Friday, November 13, 2015
For as long as people can remember, the powerful and influential Boston Archdiocese has been an essential part of the Boston community which is predominantly catholic. The church, the justice system, and even the press look the other way when it comes to crimes or misconduct by priests. That status quo is challenged when a soft-spoken new editor-in-chief Martin Baron (Liev Schreiber) arrives at the Globe in 2001. With a clear vision and commanding leadership, he assigns Globe's investigative reporting team—Spotlight—to look into Boston Archdiocese's role in clerical sexual abuse after the notorious crime by a priest John Geoghan is exposed.
The four-person Spotlight team is led by the editor Walter "Robby" Robinson (Michael Keaton). Although he is regretful about the fact that he dropped the ball as the Metro Section editor when the story came to him 20 years ago, he wastes no time to reflect and dives into the investigation with his best reporters. The energetic Michael Rezendes (Mark Ruffalo) work restlessly to obtain documents sealed by the Archdiocese and gets cooperation from abuse victim's lawyer Mitchell Garabedian (Stanley Tucci). The sharp Sacha Pfeiffer (Rachel McAdams) knocks on doors of abuse victims no matter how many times those doors slam shut on her. The nerdy Matt Carroll (Brian D'Arcy James) brilliantly finds a way to narrow down a list of pedophile priests without the help of Internet searches. Their painstakingly detective work pays off and astonishingly shakes the previously untouchable institution.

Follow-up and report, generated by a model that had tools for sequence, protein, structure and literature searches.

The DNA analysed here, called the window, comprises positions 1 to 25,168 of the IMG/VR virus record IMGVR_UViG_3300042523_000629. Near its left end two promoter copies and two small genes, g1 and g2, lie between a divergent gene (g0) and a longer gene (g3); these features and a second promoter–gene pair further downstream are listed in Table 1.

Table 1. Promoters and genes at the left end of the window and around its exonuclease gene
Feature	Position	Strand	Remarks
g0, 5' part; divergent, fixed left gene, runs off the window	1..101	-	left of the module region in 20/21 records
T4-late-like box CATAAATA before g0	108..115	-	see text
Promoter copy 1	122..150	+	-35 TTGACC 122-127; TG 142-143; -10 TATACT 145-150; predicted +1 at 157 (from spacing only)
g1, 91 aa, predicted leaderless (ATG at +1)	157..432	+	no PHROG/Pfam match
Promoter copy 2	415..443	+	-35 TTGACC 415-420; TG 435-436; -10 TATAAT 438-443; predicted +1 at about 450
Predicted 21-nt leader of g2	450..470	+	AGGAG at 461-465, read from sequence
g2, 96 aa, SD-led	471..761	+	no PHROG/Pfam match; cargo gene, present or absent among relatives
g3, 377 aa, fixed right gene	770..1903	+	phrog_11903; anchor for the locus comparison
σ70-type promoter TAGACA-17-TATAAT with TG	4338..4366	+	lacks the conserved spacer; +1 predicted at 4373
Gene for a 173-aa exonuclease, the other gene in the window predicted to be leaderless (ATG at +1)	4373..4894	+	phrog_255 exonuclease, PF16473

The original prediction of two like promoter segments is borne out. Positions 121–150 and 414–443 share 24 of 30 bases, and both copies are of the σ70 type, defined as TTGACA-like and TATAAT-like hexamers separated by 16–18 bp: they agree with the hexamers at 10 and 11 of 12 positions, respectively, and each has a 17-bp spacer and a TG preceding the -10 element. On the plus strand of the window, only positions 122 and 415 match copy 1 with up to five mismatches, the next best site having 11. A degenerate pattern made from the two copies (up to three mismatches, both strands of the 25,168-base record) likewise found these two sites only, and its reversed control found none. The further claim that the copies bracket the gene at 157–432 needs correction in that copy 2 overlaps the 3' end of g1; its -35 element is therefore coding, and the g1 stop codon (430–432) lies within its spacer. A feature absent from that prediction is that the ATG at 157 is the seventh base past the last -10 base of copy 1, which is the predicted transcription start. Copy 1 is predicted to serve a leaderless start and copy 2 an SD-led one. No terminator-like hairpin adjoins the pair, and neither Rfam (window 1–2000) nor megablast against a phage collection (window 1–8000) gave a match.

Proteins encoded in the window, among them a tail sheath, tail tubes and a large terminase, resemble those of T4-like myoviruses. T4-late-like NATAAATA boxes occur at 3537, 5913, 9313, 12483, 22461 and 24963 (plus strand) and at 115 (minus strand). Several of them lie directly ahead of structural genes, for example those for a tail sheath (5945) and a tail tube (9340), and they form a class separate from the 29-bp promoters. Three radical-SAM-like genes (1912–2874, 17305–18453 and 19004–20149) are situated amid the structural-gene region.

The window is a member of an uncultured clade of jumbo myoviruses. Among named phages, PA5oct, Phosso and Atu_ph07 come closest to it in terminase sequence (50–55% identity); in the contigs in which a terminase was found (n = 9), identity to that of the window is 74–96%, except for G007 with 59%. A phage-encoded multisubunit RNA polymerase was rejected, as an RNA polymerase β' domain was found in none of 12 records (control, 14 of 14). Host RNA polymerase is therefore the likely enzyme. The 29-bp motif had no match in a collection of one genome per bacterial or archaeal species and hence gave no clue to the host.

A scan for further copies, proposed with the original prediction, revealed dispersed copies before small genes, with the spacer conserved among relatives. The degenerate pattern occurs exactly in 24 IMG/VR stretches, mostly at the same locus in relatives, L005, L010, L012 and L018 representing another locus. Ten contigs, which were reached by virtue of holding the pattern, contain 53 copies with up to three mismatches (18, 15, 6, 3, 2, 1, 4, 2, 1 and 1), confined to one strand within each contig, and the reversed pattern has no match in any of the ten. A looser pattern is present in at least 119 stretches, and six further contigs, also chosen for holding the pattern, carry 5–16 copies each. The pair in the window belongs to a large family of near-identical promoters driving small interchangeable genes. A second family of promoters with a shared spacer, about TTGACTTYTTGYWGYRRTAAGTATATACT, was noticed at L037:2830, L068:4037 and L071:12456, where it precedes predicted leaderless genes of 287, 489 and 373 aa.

The film is a salute to all the outstanding journalists who work tirelessly in digging out stories that not only inform the public, but also profoundly impact the society. The director Tom McCarthy magically puts us on the shoulders of these terrific reporters to witness firsthand how they conduct their daily work which earns little compensation but is enormously rewarding. Although the film is full of conversations in the office and very few explosively dramatic moments, it is remarkably engrossing and even thrilling sometimes.
While the film's focus is the investigation process of uncovering a deeply buried story by a few best reporters, the film says little about these driven reporters themselves. Obviously they are passionate about their work and dedicated to it. However, once the story is out, they recede from the spotlight and become invisible again, even perhaps struggle to survive the next round of layoffs. How sustainable is the old-fashioned investigative reporting? What is the effect on society if their important work becomes extinct? You can't help but to ponder these questions during the movie. The film bluntly illustrates how important the free press is to the health of our society.
Just like the fine reporters uncovering the truth in the film, this movie is a superb journalism in its own right in pursuing the truth about these journalists at work.